Formalin-fixed and paraffin-embedded tissues were examined with IHC using the polyclonal antibody against human GLO1 produced in-house (dilution, 1∶3000) and the avidin–biotin complex (ABC) method, as described previously [23], [24]. Comparisons were performed between the intensity of staining of carcinoma cells and benign superficial epithelium, which were placed on the same slide. For semi-quantitative analysis of GLO-1 immunoreactivity, a Histoscore (H)-scoring system was used [25]. Briefly, the negative group consisted of cancer cells with no detectable (−) or only trace staining for GLO-1 (+1). The positive group consisted of cancer cells with moderate (+2) or high levels (+3) of GLO-1 immunoreactivity. The H-scoring was calculated and averaged by two independent pathologists, blinded to the initial score for each patient. The results were scored by multiplying the percentage of positive cells (P) by the intensity (I), according to the formula: H = P×I. For example, a section in which 10% of the tissue had a staining score of +1, 60% a score of +2, and 30% a score of +3, H = (10×1)+(60×2)+(30×3) = 220.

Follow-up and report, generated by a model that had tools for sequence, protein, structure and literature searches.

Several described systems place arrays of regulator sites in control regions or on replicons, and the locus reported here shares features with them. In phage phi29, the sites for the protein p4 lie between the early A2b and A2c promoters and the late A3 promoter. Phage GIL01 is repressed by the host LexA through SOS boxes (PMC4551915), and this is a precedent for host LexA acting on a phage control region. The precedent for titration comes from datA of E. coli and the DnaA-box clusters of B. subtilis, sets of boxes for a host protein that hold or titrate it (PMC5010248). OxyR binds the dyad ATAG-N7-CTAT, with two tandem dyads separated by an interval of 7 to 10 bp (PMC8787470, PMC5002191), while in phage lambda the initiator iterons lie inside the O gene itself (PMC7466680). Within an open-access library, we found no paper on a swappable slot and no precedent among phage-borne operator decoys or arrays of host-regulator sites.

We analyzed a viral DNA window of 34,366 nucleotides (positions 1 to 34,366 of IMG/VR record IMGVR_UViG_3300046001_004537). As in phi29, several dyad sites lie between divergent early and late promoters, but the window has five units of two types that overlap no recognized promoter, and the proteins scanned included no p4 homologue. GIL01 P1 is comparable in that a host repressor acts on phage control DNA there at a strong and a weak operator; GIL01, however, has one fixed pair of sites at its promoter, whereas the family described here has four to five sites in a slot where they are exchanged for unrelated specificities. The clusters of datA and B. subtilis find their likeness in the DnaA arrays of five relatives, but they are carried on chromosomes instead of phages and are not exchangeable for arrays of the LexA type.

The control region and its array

Establishment of GLO1 over-expression in SC-M1 cell line

The SC-M1 cell line expressing lower level of GLO1 was used. The transfection of GLO1 cDNA was performed with Lipofectamine Reagent (Life Technologies, Grand Island, NY). After incubation for 24 h, the cells were transferred to medium containing G418 for selection, and were then used in proliferation, migration, and invasion assays.

Establishment of GLO1 knockdown in TSGH and AGS cell lines

Two human gastric cancer cell lines, AGS, and TSGH, were employed. The short hairpin RNA (shRNA) sequences targeting GLO1 (TRCN0000118630 and TRCN0000118631) were purchased from the National RNA Interference Core Facility (Institute of Molecular Biology, Academia Sinica, Taiwan). The specific repression of GLO1 was confirmed using western blot analysis.